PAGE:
Singer Robin Gibb has "confounded" his doctors by emerging from a coma just days after they thought he might not survive it, his physician said Sunday.
Days ago, Bee Gees star Gibb was in a coma and battling pneumonia, the latest turn in health issues that include a recent battle with colon and liver cancer. Now he is "fully conscious, lucid and able to speak to his loved ones," Dr. Andrew Thillainayagam said in a statement.
"He is breathing on his own, with an oxygen mask. He is on intravenous feeding and antibiotics. He is of course, exhausted, extremely weak and malnourished. Our immediate goals are to ensure that Robin's swallowing mechanism is safe enough to allow him to eat and drink, and that he recovers enough strength to breathe effectively, without needing high levels of oxygen by mask."
When that happens, he may be moved out of the intensive care unit at the London Clinic, the doctor said.
"It is testament to Robin's extraordinary courage, iron will and deep reserves of physical strength that he has overcome quite incredible odds to get where he is now," Thillainayagam said.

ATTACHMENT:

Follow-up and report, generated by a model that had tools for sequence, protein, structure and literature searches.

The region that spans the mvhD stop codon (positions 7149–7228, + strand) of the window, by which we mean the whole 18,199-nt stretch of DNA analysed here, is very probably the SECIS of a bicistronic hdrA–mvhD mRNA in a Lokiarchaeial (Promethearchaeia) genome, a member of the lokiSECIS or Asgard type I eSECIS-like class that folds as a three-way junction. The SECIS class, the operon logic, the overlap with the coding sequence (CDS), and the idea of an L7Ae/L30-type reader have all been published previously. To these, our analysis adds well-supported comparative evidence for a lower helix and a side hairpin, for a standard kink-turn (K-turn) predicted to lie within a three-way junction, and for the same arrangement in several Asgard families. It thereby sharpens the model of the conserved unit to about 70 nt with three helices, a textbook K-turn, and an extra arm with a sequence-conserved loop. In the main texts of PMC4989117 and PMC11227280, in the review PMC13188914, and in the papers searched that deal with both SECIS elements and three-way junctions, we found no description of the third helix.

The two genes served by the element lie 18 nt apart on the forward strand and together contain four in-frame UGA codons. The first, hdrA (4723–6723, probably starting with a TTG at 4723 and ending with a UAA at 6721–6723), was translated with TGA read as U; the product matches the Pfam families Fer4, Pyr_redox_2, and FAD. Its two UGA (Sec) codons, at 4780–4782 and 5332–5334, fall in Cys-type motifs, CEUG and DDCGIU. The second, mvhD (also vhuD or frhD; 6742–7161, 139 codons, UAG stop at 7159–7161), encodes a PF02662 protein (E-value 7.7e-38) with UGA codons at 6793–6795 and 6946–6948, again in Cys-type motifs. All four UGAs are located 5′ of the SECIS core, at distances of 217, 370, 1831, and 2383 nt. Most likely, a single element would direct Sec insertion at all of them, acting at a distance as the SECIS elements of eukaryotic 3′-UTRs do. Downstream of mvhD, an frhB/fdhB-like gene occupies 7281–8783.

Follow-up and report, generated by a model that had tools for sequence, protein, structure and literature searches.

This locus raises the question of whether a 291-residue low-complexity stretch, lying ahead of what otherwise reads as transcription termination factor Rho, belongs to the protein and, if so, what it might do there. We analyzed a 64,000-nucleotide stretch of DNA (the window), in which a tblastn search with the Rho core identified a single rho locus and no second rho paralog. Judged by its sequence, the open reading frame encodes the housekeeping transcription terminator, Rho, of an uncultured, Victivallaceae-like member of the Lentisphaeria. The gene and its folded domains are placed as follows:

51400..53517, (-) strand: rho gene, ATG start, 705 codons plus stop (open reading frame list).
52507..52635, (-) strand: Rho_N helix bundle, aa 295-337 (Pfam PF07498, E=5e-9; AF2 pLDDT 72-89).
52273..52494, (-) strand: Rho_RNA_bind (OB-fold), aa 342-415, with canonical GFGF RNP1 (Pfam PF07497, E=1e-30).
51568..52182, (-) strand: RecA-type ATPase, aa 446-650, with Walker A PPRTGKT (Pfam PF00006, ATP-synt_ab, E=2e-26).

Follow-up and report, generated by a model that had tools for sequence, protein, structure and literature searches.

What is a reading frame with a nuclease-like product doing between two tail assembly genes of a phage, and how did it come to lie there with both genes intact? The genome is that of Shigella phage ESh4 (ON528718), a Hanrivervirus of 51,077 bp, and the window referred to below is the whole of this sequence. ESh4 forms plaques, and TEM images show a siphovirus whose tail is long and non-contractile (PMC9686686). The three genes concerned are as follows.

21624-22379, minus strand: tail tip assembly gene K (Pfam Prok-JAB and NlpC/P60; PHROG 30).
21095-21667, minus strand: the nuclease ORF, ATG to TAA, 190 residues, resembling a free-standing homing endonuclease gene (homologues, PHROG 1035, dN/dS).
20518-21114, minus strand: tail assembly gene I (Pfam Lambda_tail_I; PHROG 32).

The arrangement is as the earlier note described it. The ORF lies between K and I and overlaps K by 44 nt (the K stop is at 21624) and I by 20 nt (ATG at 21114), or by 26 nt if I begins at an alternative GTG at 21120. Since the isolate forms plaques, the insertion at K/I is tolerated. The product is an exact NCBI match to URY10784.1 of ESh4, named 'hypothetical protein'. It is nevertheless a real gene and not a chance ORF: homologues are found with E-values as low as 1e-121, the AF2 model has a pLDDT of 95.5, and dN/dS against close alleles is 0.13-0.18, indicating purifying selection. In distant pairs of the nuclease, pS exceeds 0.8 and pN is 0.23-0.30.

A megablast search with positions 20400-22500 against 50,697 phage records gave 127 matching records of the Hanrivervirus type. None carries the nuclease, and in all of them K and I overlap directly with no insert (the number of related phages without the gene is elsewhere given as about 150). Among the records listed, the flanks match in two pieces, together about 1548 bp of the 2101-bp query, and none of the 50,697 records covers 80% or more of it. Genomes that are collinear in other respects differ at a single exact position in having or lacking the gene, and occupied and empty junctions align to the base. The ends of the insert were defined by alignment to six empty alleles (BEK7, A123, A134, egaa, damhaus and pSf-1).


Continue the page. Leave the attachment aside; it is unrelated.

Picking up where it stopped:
2002: Bee Gees and 'Saturday Night Fever'
The good news comes just three days after Thillainayagam warned Gibb's family "that I feared the worst.," he said. "We felt it was very likely that Robin would succumb to what seemed to be insurmountable obstacles to any form of meaningful recovery. As a team, we were all concerned that we might be approaching the realms of futility."
"The road ahead for Robin remains uncertain but it is a privilege to look after such an extraordinary human being," Thillainayagam said.
Gibb's wife Dwina and children Robin-John, Spencer, and Melissa have been at his bedside every day, the doctor said.
Robin Gibb's twin brother, Maurice, died in 2003 of a twisted bowel.
His brother Andy died at age 30 from a heart infection in 1988.
The Brothers Gibb calling themselves the Bee Gees soared to renown as one of the most successful British groups after the 1977 film "Saturday Night Fever" starring John Travolta was built around the group's disco songs.
Inducted into the Rock and Roll Hall of Fame in 1997, the Bee Gees have sold more than 200 million albums, and their soundtrack album to "Saturday Night Fever" was the top-selling album until Michael Jackson's "Thriller" claimed that distinction in the 1980s.
While often in the background as brother Barry sang lead vocals, Robin Gibb stepped forward on several top tunes, including "I Started a Joke" and "I've Gotta Get a Message to You." He also recorded several solo albums during his career.